Monday, July 28, 2014
The July 15, 2014 issue of the Wall Street Journal ran an article by Shirley S. Wang, Alzheimer's Fight Zeroes in on Preventive Treatments. According to the article, researchers are now focusing on prevention or slowing down memory loss, rather than just treating individuals with the disease. The article reports on the Alzheimer's Association International Conference presentation about a largest prevention study that "found that intervention involving exercise, diet and other behavioral changes significantly improved overall cognitive functioning in patients after two years, compared with patients in a control group." This is only one of a number of studies focusing on prevention, with a variety of ideas being studied. The article references an upcoming announcement regarding a partnership with Novartis, Banner Alzheimer's Institute and the NIH. The article cites to domestic and global statistics.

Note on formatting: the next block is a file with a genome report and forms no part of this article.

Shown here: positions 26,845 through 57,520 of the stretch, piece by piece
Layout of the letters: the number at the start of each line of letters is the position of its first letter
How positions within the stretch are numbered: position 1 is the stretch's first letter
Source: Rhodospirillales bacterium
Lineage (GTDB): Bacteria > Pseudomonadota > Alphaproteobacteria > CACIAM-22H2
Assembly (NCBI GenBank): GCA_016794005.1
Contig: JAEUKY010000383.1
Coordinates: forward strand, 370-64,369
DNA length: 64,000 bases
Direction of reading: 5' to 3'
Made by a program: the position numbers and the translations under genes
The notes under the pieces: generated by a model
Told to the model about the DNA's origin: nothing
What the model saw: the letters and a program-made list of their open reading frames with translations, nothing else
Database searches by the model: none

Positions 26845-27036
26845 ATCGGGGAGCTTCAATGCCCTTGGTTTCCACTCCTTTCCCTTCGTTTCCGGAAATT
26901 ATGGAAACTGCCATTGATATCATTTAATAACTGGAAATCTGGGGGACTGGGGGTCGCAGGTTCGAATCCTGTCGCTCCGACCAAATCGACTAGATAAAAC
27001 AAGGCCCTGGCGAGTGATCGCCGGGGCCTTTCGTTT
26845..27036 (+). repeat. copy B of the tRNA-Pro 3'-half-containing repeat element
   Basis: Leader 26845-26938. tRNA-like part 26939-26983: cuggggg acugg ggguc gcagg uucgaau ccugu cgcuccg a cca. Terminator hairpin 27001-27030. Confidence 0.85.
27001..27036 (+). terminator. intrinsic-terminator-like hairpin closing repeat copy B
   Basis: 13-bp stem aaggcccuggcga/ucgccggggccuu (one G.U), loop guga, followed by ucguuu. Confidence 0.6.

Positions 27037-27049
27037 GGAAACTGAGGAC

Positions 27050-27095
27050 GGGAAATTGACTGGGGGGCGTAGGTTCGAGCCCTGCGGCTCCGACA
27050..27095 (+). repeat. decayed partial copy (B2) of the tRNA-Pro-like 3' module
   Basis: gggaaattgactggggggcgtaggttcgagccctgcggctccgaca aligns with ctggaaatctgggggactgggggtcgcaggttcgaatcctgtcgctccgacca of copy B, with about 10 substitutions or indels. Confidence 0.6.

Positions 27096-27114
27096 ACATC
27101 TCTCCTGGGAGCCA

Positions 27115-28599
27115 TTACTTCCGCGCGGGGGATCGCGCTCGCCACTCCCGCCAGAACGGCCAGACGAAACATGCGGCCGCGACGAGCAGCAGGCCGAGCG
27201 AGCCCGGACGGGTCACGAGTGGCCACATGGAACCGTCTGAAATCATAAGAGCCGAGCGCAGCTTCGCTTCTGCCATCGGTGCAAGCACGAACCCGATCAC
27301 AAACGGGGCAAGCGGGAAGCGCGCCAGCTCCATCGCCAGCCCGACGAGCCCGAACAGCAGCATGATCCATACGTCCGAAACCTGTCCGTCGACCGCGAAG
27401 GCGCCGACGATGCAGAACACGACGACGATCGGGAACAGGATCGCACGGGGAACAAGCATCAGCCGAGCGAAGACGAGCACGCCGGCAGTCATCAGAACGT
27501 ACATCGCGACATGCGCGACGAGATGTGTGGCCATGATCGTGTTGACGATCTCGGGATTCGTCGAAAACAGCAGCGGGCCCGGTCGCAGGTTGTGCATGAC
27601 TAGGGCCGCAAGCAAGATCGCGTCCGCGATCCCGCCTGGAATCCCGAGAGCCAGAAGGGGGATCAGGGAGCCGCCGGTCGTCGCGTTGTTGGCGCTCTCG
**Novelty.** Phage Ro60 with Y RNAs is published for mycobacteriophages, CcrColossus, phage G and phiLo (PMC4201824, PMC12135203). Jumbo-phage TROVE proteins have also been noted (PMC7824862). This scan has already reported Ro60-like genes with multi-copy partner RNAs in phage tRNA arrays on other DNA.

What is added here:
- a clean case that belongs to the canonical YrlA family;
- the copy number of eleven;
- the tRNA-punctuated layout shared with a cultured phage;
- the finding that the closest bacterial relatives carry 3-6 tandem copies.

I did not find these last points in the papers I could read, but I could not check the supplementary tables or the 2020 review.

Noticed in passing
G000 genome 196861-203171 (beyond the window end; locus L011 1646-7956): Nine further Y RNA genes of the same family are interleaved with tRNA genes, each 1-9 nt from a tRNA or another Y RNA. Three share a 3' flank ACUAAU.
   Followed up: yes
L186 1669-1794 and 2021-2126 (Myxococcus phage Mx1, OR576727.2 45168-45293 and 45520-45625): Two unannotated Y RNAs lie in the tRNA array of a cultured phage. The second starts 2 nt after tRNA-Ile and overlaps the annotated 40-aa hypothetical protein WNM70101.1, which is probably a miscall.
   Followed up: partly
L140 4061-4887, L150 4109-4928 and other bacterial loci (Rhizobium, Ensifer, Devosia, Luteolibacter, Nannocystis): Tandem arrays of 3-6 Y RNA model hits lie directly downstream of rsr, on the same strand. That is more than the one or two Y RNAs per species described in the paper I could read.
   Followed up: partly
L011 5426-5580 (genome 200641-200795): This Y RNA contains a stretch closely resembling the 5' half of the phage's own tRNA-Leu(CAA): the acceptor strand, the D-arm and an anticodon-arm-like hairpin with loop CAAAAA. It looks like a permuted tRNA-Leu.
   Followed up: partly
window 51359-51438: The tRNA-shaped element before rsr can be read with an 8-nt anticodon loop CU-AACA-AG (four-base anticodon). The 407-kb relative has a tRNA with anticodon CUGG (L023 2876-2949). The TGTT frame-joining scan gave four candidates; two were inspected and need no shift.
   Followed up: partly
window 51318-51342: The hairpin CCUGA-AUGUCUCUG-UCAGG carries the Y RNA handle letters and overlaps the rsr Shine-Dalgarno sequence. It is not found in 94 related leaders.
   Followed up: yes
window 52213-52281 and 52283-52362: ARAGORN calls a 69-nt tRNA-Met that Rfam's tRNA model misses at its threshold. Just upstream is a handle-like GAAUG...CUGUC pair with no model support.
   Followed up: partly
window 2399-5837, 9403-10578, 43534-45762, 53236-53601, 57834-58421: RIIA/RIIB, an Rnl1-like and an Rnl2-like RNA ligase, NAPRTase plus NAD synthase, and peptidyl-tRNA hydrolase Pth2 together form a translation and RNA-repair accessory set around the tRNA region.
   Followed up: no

The article explains the emphasis on prevention
Prevention efforts are receiving more attention and financial backing in the field because of growing recognition in recent years that disease-related changes in the brain begin decades before memory problems become obvious. Treating patients once the symptoms begin may be too late to make a major impact on the disease, as demonstrated by the failure of several highly anticipated experimental treatments in recent years.
Also, a greater ability to measure the progression of the disease in the brain through the use of biological markers, such as the imaging of disease-related proteins, has made it easier to detect the subtle and slow progression of the disease in live humans. Before these biomarker tests, Alzheimer's was diagnosed solely based on clinical symptoms. (It often still is.) Its pathology in the brain could only be examined with autopsy.
However, the studies are challenging because they require following a large number of people for years.
The announcment about the Novartis-Banner study can be found here.